Style comes nearer than any other breed characteristic to “type,” and is of great importance to the show dog. Unfortunately, like most great qualities, it is a gift from heaven–your Poodle is born with or without it! You cannot make a dog acquire it; at best, you or your handler can present the dog with style as if he, not you, possessed it. This in itself is easier with a showy type of dog like the Poodle, rather than with some of the plainer breeds or heavily built dogs.
The dictionary defines style as a “manner of conduct or action;” it further uses the word “elegant” and defines it elsewhere as, “choice, superior, tasteful.” In a dog, “style” might be called conduct or action that emphasizes in a superior manner certain “qualities of type.”
For instance, our breed is supposed to move with a “light, springy gait, carrying himself proudly.” Therefore, the gait of the stylish Poodle is unusually light and springy, and his carriage is the very essence of pride. Furthermore, he appears to act this way with intent as well as pleasure, as if his purpose was completely enjoyable. Yet the same dog can be shelly, or not move soundly; or he may have a wide head and heavy muzzle. He may present himself and act as a Poodle should, emphasizing this presentation with happy assurance. Such a dog has “style,” and because of this will be quite hard to defeat in the show ring. He is noticeable, he has distinction, he will impress spectators who exclaim, “What flash, high class!” Even a judge will be forced to give him added attention.
This quality pertains to all breeds: A Bulldog or a Chow can be equally stylish–but not in the manner of a Poodle. Their style will emphasize what is peculiar and proper for a Bulldog or Chow; the former, a decided roll in its gait plus an added willingness, a definite pleasure in rolling along: the latter, an aloof, proud dignity either still or when moving; the stilted gait very decided, full of vigor, yet indifferent to the crowd.
Even with people, a stylish man does not resemble a stylish woman though both possess the same quality. They conform to what is appropriate to each, with especial grace and assurance.
Therefore, style can be said to be a form of appropriate conduct, emphasized, but in no way so exaggerated as to be inappropriate; never in any way a caricature; rather, unusually tasteful, elegant and superior.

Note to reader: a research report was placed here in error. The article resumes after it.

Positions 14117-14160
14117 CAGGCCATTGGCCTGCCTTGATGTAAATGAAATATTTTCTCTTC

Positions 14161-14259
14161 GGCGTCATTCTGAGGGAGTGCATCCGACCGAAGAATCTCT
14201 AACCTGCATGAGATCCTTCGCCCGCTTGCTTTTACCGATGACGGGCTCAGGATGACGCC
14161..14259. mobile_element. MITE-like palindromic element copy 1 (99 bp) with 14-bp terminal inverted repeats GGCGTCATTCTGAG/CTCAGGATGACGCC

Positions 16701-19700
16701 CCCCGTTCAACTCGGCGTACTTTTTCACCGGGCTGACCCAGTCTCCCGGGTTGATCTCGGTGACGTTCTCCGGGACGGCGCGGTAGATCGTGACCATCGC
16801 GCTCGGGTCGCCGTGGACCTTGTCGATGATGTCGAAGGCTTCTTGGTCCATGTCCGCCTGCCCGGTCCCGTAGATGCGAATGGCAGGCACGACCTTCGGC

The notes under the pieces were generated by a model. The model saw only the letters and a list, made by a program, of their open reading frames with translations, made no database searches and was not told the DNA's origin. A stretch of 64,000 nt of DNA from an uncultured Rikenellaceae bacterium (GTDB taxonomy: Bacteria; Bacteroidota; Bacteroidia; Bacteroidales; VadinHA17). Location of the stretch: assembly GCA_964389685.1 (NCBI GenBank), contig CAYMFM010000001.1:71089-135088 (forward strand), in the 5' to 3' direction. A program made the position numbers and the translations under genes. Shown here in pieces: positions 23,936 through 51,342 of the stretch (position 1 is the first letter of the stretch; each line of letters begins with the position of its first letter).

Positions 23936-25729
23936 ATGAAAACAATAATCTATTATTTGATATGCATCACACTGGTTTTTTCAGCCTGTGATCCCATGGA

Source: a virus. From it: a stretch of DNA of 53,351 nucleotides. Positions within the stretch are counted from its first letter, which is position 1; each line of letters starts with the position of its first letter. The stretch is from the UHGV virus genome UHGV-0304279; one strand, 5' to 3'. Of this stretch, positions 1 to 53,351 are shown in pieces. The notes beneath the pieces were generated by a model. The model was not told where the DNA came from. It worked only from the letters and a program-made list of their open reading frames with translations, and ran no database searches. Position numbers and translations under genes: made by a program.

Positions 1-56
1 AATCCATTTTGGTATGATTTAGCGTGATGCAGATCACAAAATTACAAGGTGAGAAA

Because “style” is so appropriate, in an animal it must be connected with “type,” but this connection is based on manner and action, not on physical construction. An unsound dog may be stylish, so may a dog lacking type; and by the same token, a sound or typey dog may lack “style.” The latter will win, of course, because he is honestly correct and excellent, but he will not “sell himself” as easily or quickly as if he possessed that icing on the cake of excellence, that special distinction, that perfect presentation–“style.”
“Quality–characteristic, property or attitude; character or nature as belonging to or distinguishing a thing, such as the quality of sound.” This is the dictionary’s definition of the noun, quality, so with this general definition in mind, what does the dog fancier mean when he says, “That dog has quality?” For that matter, should we not start at the beginning and ask, “What do we mean when we say a person has quality?”
In the case of the latter, I believe we mean an overall excellence of intellect and spirit that is hard to define because it is so diffused. A person who is just but kind, gentle yet humorous, whose brain comprehends as well as remembers, an intelligent person, guided although not controlled by normal emotions. For quality not only relates to a well ordered goodness, but a combination of virtues refined to a point where none are obtrusive. This is why a “person of quality” often implies an aristocrat, although a plain, rather simple being can possess quality. Still, aristocracy, the quality itself of nobility, has a relationship with the noun quality, for aristocracy is felt; it is effective in a subtle sense, as is quality, without intruding on another’s spirit of person.
Now in the case of a dog, the noun “quality” becomes more limited. While a dog of quality is usually a purebred, it may not be, although it must possess some sort of type.
The word “quality” in dogdom refers to a general amalgamation and distillation of breed virtues such as type, soundness, style and temperament. If a dog had an excessive amount of any one of these characteristics, it would then be a “very typey dog,” or “an unusually sound dog,” or a dog “with masses of style,” or a dog with “a grand disposition”–for these separate characteristics would be so emphasized that they would overwhelm all the others.
Whereas the virtues of the “quality” dog are not specialized, no one overwhelms the other. In fact, they are blended and fused, equally by each other! This is why the mongrel, to possess quality, must have a type, and his actions, soundness and temperament must conform to this type.
Again, these unspecialized virtues are felt rather than immediately seen; they are unobtrusive, condensed and purified by their fusion. Yet, because all of them are there, the dog appears unusually distinguished. Subtly, but surely such a dog pleases even the layman—“He looks the part, seems right somehow,” says the crowd.
“That dog has quality,” says the fancier!
I will conclude the chapter of “Know Your Breed” from The Art of Handling Show Dogs with Mr. Sabella’s comments on balance in the next issue. Again, I thank him for allowing me to share this information with you all. Any questions or comments or to schedule a seminar, contact me via email: email@example.com.